Swat District (Pashto: سوات ولسوالۍ, pronounced [ˈswaːt̪]) is a district in the Malakand Division of Khyber Pakhtunkhwa, Pakistan. Centred upon the upper portions of the Swat River, the modern-day district was a major centre of early Buddhism under the ancient kingdom of Gandhara, due to which a strong presence of Buddhist cultural influence exists in the region. Swat was home to Hinduism and later Gandharan Buddhism until the 10th century, after which the area predominantly came under Muslim control and Islamic influence. Until 1969, Swat was part of the Yusafzai State of Swat, a self-governing princely state that was inherited by Pakistan following its independence from British rule. The region was seized by the Tehrik-i-Taliban in late-2007, and its highly-popular tourist industry was subsequently decimated until Pakistani control was re-established in mid-2009.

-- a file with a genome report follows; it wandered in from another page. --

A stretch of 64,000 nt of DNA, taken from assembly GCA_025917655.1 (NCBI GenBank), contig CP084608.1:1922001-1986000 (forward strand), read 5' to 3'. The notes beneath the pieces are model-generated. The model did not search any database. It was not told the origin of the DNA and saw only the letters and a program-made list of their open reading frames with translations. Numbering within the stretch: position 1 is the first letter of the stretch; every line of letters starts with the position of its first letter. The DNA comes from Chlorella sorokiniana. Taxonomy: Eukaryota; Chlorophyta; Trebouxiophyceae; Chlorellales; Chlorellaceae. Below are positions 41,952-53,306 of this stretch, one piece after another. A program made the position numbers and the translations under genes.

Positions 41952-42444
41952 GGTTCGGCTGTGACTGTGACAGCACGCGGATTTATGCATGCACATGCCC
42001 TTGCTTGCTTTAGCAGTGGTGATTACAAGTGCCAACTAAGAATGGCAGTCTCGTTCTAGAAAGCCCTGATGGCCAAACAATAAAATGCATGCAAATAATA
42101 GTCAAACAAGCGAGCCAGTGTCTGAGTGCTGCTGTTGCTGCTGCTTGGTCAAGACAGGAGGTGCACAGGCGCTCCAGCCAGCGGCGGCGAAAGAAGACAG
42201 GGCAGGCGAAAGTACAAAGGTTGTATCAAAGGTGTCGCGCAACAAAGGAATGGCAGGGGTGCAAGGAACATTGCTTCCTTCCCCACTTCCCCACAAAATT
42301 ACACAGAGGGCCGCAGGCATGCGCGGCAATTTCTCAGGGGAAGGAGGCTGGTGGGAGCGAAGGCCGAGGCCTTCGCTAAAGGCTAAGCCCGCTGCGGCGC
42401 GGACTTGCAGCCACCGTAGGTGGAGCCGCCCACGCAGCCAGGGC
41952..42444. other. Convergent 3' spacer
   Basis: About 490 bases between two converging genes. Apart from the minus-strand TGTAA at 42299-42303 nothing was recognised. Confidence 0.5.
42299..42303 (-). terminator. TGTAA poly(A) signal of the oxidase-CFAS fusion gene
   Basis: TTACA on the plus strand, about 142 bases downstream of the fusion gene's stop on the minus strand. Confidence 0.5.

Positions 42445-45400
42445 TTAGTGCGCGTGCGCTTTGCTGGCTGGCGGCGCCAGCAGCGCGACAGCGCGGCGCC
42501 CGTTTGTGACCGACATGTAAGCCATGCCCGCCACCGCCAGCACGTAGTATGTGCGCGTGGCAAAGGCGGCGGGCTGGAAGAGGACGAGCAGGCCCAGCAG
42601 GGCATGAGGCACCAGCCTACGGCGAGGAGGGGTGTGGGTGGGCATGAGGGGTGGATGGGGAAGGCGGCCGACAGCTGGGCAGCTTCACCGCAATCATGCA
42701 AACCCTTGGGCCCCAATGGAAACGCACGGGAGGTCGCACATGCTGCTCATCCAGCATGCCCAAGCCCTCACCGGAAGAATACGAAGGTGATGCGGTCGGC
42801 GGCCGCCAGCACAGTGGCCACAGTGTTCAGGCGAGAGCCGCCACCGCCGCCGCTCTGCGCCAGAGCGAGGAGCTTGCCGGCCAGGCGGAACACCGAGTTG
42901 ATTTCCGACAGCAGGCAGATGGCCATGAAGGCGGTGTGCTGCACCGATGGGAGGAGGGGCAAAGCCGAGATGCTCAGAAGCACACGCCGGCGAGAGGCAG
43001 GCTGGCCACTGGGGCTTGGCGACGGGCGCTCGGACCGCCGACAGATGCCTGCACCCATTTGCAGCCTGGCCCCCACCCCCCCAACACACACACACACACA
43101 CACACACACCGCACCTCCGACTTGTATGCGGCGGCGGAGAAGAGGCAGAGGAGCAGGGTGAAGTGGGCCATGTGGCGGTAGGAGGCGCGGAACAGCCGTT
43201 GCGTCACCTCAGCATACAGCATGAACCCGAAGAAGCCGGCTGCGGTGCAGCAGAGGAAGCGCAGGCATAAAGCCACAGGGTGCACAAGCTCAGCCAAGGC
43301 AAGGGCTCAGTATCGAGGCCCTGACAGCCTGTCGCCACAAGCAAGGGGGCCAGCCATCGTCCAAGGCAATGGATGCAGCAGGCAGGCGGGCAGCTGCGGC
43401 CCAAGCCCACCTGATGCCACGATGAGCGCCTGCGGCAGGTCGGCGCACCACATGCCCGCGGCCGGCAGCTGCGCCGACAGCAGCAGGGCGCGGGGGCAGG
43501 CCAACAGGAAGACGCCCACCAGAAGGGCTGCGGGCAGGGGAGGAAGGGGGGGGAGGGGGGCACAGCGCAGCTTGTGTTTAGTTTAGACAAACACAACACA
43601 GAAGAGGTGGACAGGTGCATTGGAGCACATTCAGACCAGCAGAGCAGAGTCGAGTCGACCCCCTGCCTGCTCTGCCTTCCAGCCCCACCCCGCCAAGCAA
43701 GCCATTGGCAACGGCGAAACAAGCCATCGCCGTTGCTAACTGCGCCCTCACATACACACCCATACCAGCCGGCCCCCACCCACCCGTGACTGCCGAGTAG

Swat’s capital is the city of Saidu Sharif, although the largest city and main commercial center is the nearby city of Mingora.[better source needed] With a population of 2,309,570 per the 2017 national census, Swat is the 15th-largest district of Khyber Pakhtunkhwa province. With the exception of the uppermost regions of the valley, which are inhabited by ethnic Kohistanis, Swat is mostly inhabited by Yusufzai Pashtuns, who arrived in the region from the southern Kabul Valley in 16 CE.
The average elevation of Swat is 980 m (3,220 ft), resulting in a considerably cooler and wetter climate compared to the rest of Pakistan. With lush forests, verdant alpine meadows, and snow-capped mountains, Swat is one of the country’s most popular tourist destinations.